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-   -   $7.00 to fix a flat tire? (https://www.bikeforums.net/general-cycling-discussion/416494-7-00-fix-flat-tire.html)

mark9950 05-09-08 04:28 PM

$7.00 to fix a flat tire?
 
I went to a bike shop in my neighborhood today to look around at new bikes and I noticed his charges for repairs,I noticed that he charged $7.00 to fix a flat tire.

I thought to myself sheesh,I could buy a new tube for less than that(about $4.50),A new thornproof tube costs about $7-$10,isn't this kind of high for a 2 minuite job?I once fixed a flat for someone and charged only $1.00, of course he took the wheel and tire off and gave me the tube to fix.

When I ride 20 miles from home and 20 miles from a bike shop and I get a flat,I have to fix it myself or I have to walk a long way home.

chephy 05-09-08 04:35 PM

It is a reasonable price. Mechanic's time is worth something, and it's not exactly a two-minute job. If you think it's so fast and simple, do it yourself.

Paul L. 05-09-08 04:41 PM

If it includes the tube then that is pretty reasonable. If it doesn't it sounds to me like he is encouraging you to buckle down and do it yourself. Fixing tubes can't be the most fulfilling thing a mechanic does during the day I would imagine.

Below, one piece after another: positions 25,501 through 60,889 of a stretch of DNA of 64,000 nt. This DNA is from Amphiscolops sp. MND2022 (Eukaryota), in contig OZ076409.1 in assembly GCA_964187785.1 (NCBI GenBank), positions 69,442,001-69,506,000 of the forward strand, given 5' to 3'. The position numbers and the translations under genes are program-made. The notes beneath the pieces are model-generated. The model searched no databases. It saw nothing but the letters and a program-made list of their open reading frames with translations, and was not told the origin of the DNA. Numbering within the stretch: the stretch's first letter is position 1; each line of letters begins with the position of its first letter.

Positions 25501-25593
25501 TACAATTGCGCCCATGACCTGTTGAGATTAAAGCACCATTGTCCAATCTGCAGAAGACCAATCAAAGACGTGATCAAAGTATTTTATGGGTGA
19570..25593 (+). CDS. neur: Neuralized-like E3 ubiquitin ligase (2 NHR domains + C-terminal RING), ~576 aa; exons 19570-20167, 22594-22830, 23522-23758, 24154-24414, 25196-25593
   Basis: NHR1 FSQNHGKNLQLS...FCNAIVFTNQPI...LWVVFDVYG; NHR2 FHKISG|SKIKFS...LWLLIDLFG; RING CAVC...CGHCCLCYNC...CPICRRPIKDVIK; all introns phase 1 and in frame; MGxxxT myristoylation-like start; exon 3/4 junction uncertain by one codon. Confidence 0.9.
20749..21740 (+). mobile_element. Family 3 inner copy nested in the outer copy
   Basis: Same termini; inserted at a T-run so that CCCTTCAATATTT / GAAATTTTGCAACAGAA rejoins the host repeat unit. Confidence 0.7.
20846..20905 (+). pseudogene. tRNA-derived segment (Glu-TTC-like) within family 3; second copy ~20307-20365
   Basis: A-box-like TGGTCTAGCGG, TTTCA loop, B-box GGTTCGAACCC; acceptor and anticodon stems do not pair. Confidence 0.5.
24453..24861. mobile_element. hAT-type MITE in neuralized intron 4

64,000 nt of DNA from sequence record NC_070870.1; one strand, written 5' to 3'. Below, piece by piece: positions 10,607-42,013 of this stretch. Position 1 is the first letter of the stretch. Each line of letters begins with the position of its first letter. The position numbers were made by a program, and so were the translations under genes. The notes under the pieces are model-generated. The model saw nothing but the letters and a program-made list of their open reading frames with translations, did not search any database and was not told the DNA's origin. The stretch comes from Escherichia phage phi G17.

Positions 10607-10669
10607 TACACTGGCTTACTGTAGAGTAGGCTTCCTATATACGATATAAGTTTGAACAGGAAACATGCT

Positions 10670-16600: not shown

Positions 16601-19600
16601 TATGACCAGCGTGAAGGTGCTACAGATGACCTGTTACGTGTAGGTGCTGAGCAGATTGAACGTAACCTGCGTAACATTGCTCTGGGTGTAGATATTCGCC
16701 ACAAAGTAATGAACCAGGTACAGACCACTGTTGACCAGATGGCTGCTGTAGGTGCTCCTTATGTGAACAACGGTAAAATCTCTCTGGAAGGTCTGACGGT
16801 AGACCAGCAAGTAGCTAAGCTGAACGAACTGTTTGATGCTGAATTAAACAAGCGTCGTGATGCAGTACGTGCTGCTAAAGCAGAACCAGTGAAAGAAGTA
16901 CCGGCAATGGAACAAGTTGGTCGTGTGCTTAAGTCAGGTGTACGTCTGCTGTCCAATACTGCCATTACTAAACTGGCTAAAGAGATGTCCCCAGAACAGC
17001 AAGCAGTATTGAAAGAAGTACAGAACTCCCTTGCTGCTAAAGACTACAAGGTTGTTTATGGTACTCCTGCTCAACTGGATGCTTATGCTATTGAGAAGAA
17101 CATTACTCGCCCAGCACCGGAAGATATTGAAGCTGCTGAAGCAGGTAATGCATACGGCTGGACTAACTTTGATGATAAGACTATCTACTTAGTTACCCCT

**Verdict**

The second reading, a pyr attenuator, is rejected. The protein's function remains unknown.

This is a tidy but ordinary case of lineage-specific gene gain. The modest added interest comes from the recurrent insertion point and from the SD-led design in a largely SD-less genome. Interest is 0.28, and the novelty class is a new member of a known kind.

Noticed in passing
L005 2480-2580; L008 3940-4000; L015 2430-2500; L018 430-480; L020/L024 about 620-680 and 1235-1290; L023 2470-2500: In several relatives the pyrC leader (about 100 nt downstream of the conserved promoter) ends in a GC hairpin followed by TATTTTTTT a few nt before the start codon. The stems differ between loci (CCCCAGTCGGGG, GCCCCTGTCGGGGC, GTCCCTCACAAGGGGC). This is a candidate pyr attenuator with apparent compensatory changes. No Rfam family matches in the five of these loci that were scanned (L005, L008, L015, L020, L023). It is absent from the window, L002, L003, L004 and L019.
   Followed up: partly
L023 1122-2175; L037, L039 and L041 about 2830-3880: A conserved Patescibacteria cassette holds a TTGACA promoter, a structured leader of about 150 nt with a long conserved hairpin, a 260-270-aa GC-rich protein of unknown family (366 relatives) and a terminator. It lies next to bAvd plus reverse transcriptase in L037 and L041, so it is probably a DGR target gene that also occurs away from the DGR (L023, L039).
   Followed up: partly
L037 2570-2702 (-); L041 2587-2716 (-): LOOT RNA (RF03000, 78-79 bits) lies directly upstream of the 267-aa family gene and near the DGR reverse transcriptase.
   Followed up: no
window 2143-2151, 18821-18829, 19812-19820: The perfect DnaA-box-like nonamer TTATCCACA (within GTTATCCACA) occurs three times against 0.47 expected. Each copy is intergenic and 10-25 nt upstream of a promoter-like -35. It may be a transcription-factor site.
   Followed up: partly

mike 05-09-08 05:05 PM

Yup. $7.00 for changing a flat is a fair price even if it is a patch and not a new tube. Buy yourself a spare tube, some tire irons, and a patch kit and learn to do it yourself. It is a 15 minute job tops.

sirpoopalot 05-09-08 05:11 PM

we charge $15 at my shop

CastIron 05-09-08 05:31 PM


Originally Posted by sirpoopalot (Post 6667741)
we charge $15 at my shop

I was thinking north of $20 is reasonable. Really, the shop would be doing folks a favor.

StephenH 05-09-08 05:34 PM

On both my cruiser bike and my old cheap mountain bike, fixing a rear flat was not speedy- something more like 30 minutes, since you had to tear all the rear end stuff off and then readjust everything as you put it back on. $7 sounds pretty reasonable for average.

R900 05-09-08 06:11 PM

You've never run a business, $7 is cheap.

mike 05-09-08 06:16 PM